Life after death is not only a hope for believers. The second life is also important for electric cars: after several tens of thousands of kilometers, several charges and discharges, the capacity of a battery will ultimately no longer be sufficient to power a vehicle. But especially in combination with other rechargeable batteries, the battery can still serve as storage.
Car manufacturer Ford, Kölner Verkehrs-Betriebe (KVB) and supplier Rheinenergie recently demonstrated it at a terminus of the Cologne tramway. When their cars stop and brake, energy is released that has already been pushed into the grid in the form of a current surge. “No one asked whether we could use electricity or not,” explains Dieter Steinkamp, the boss of Rheinenergie. Instead, hundreds of discarded battery cells now store electricity. The project partners interconnected the modules in a gray house at the edge of the bus stop.
The KVB electric buses are recharged with electricity, which anyway stay a few minutes at the arrival station and unfold their pantographs; it is the name of the pantograph on the roof that we know from trams. The KVB connected a bus charging mast to the new storage facility. Rheinenergie also operates two charging stations for electric cars in the neighboring park-and-ride car park. Since Cologne operates the light rail network with green electricity, the storage system is about green energy, the companies point out.
The Rheinenergie utility wants to use storage to compensate for fluctuations in the electricity grid
The installation, which cost a few million euros and partially funded by the federal government, also aims to avoid voltage fluctuations. Companies fear this could happen without the storage system if a streetcar enters and vehicles are using the fast-charging stations at the same time.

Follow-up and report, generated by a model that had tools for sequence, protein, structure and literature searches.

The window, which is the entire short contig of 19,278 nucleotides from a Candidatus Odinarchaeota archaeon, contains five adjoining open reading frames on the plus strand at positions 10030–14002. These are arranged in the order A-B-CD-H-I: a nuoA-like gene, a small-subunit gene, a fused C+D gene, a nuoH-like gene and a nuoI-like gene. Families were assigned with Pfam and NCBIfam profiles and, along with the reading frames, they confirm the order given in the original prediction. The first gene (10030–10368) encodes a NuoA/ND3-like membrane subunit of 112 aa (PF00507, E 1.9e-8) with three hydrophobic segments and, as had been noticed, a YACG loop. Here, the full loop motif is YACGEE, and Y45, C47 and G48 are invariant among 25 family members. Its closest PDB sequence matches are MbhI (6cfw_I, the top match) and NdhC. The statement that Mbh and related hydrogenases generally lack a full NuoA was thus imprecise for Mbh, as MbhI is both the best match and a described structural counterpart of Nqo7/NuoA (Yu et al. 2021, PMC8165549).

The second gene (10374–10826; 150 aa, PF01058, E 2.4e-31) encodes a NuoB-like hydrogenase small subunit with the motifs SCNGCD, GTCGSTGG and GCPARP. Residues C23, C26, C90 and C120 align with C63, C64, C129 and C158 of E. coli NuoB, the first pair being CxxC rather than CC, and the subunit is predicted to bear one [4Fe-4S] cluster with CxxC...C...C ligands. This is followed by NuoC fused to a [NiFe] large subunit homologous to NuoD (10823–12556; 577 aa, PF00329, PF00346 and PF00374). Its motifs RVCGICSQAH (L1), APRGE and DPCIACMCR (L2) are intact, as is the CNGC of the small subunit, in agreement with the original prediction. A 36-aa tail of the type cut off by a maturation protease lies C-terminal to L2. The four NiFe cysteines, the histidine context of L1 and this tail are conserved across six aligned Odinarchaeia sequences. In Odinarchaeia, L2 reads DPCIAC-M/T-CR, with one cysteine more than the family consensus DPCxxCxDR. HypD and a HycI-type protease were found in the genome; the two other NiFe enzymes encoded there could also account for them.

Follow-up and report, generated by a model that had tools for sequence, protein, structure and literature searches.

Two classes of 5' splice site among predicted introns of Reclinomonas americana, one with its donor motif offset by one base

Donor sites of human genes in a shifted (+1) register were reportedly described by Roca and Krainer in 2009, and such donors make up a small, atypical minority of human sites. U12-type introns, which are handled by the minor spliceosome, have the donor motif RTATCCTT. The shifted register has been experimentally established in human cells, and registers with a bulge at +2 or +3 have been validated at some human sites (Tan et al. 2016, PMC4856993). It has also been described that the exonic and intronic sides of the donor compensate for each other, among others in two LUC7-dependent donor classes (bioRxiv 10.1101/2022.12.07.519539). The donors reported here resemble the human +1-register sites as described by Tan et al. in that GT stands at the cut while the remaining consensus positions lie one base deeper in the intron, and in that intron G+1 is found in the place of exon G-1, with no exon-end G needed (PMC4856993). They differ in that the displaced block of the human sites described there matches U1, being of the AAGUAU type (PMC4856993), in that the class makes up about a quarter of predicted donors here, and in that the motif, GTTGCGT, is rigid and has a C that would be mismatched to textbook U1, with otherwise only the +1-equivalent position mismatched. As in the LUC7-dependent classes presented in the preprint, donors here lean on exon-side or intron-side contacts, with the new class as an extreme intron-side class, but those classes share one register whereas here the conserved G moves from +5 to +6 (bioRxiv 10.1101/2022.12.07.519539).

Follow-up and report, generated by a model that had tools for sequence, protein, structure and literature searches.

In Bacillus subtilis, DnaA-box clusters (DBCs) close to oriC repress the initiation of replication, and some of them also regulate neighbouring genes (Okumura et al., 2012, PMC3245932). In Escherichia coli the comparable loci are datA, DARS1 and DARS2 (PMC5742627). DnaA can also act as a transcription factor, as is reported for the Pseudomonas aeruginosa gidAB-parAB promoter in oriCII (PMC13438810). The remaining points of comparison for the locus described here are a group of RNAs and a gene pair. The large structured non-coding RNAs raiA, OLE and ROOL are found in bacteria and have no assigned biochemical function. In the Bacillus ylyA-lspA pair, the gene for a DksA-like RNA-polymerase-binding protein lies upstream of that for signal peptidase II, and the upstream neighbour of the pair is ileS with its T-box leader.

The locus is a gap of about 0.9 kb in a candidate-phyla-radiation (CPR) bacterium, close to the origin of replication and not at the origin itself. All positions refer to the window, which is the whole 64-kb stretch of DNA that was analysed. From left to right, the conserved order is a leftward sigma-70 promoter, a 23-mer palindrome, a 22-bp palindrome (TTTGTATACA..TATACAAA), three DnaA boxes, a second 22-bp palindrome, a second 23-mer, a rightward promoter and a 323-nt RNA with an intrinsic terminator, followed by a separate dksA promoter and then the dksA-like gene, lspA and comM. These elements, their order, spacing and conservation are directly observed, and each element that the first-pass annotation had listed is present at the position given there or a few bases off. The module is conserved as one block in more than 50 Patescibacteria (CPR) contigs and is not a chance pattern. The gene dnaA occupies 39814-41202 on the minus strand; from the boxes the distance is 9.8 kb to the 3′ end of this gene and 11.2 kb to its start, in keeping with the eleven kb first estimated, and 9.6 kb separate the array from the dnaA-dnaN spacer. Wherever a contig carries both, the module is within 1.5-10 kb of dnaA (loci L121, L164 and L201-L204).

In the pilot plant, Ford is using several high-voltage batteries a second time. They come from electronic models early on, from warranty cases with faulty battery cells, or from vehicles involved in accidents. “It’s a feasible way to recycle batteries in electric vehicles,” says Gunnar Herrmann, director of Ford in Germany. The more electric cars there are on the road, the greater the reuse becomes. Because if you throw away the batteries after their first use in the car, all the raw materials they contain have never been successfully recycled.
The pilot system has worked well so far, says Stefanie Haaks, KVB boss. “You can use it as a blueprint for other purposes and in other places.” Your company has been using the first battery-powered buses since 2016. By 2030, Cologne wants to completely convert the bus fleet to alternative drives. Before the end of this year, according to Haaks, the KVB will put about ten more electric buses into service each month. Cologne is not alone in this case: more and more cities are converting their bus fleets to emit less greenhouse gases and harmful nitrogen oxides and to comply with relevant EU requirements. . In many places, the state subsidizes the purchase of buses and charging stations.
Rheinenergie, in turn, can use the storage facility west of Cologne to compensate for peaks in the regional electricity grid. “We feed when excess electricity is available,” says CEO Steinkamp, and in times of particularly high loads, electricity can be taken out of the system. The more fluctuating wind and solar power enters the grid, the more important these buffers become. “Multiplying this is not just a story for Cologne,” Steinkamp said.